Whatever the season, whatever the reason – there’s always room for BBQ pork ribs. Slathered with an apricot glaze and falling off the bone insanely tender, these are a keeper.
I’ve been making a variation of these ribs for years, and, quite frankly, they’re freaking delightful. The meat literally collapses off the bone after slow roasting in the oven for a few hours, and that sticky-sweet apricot glaze, spiked with fresh ginger and apple cider, is something akin to a young lover’s passionate embrace on a hot, humid Southern evening.
Whew — is it getting hot in here?
There a few key things you should know before you set about making these apricot-glazed sticky pork ribs:
BUY ST. LOUIS-STYLE RIBS.
First of all, there are different cuts of pork ribs, and for this recipe you should buy St. Louis-style ribs as opposed to baby back ribs. Well, the first difference is in the price (St. Louis ribs are generally cheaper). Baby back ribs are smaller, upper ribs cut from where the rib meets the spine. They’re less fatty than the larger St. Louis ribs, which are cut from the belly. Some people prefer baby back ribs because they’re meatier, but I actually prefer the St. Louis style ribs because of the marbling (i.e., the fat).
CUT THE MEMBRANE OF THE RIBS.
One of the most important things you can do to make sure your pork ribs turn out really, really tender is to cut the membrane off of the back of the ribs. The membrane is a silvery-stretchy film covering the entire back (i.e., not the meaty side) of the ribs. I generally remove the membrane by starting at one end of the rack and grabbing a firm grip using a paper towel to pull the membrane off, shoving my fingers indelicately in between the membrane and the bone to loosen it up as I go. In case that’s as clear as mud to you, here’s a video on how to do it that I believe may have been narrated by a relative of Barry White’s.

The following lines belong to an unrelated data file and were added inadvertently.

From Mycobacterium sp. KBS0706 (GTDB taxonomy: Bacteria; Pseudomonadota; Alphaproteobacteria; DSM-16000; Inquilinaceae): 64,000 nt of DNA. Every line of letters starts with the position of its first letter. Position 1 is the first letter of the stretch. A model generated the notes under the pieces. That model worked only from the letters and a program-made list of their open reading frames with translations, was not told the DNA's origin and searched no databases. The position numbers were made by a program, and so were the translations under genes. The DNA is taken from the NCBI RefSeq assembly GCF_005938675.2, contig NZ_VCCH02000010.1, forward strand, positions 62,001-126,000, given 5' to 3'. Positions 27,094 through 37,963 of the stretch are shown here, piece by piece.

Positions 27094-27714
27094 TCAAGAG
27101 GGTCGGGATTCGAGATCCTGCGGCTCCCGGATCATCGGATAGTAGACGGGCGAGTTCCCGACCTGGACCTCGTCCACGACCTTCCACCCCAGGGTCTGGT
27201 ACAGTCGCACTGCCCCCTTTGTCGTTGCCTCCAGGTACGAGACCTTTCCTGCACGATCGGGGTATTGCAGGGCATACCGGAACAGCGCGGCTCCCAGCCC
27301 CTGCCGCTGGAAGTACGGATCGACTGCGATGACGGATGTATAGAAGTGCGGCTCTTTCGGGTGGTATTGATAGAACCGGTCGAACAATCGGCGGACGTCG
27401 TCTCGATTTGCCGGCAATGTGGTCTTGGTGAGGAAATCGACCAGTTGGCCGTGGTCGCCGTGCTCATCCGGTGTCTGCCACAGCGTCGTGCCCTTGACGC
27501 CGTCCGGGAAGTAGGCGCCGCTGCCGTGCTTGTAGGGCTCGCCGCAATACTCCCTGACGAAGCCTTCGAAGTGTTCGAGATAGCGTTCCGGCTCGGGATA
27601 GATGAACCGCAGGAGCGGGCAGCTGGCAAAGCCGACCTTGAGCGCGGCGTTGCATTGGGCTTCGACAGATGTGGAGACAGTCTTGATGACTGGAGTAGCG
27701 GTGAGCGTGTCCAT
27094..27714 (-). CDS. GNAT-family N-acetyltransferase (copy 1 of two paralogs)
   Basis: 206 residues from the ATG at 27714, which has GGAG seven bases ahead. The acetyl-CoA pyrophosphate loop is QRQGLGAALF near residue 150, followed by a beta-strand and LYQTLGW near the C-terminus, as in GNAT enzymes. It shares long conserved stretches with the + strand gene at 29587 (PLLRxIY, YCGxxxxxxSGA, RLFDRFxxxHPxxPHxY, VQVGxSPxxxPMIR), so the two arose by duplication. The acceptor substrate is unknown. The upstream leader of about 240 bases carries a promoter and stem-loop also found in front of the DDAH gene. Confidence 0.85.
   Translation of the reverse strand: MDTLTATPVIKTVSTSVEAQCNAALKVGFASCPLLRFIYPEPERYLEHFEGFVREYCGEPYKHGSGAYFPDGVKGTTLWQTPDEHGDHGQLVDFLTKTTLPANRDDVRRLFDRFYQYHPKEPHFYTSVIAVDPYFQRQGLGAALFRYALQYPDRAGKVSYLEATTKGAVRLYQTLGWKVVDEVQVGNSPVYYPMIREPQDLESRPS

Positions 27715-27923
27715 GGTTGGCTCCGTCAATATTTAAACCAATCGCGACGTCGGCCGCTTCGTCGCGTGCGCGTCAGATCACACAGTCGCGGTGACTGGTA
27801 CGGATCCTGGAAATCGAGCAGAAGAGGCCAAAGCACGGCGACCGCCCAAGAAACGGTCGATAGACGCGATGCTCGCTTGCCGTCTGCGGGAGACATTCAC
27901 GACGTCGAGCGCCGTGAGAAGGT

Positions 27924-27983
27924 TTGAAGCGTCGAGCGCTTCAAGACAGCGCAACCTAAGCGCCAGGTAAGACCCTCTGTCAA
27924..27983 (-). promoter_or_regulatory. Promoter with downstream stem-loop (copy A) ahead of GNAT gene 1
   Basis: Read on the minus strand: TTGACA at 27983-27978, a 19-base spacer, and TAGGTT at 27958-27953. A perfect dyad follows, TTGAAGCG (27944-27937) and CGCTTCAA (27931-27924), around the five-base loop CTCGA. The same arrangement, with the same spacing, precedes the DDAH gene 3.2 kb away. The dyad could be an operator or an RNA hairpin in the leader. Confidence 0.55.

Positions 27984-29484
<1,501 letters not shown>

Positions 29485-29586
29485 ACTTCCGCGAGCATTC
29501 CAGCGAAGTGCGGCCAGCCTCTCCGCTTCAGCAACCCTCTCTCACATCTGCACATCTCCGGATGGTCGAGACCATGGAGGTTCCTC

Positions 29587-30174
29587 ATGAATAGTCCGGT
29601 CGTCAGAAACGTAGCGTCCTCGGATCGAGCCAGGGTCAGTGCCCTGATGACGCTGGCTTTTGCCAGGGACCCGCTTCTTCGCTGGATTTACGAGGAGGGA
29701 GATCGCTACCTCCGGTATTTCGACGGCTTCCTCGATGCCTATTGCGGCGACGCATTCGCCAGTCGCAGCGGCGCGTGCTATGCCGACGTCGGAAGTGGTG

I’m fairly certain that my pork ribs are my husband’s third-favorite thing about me (after my breathtaking good looks and winning personality, of course). I know this because I made him a rack of ribs shortly after we began dating when I learned he’d never eaten pork ribs before. This life fact struck me as deeply, deeply sad, since ribs are basically one of the world’s most perfect foods and are widely available, which also led me to to wonder if maybe my then-boyfriend was one of those people who basically hadn’t had a truly happy moment before meeting me. Now that we are married, I know this fact to be about 86% true. He did get to go to EPCOT as a kid.
The point of this sad story is basically that, like all good things, you have to wait for these ribs to become the perfection that they can be. These ribs slow roast in a low-heated oven for 3 and a half hours, and you can’t sliver off a minute of that time. So these aren’t like, weekday ribs unless you are working from home and can set your Microsoft Teams status to “Roastin’ Ribs” every time you need to do a spot-check on the roasting progress.
I served these pork ribs with Chrissy Teigen’s mac and cheese recipe, which uses a terrifying amount of cheese but is also sinfully and satisfyingly creamy. If you’re looking for something lighter, try this skillet cornbread (originally paired with my vegetarian chili), my favorite celery and apple slaw or our staple weekday French carrot salad.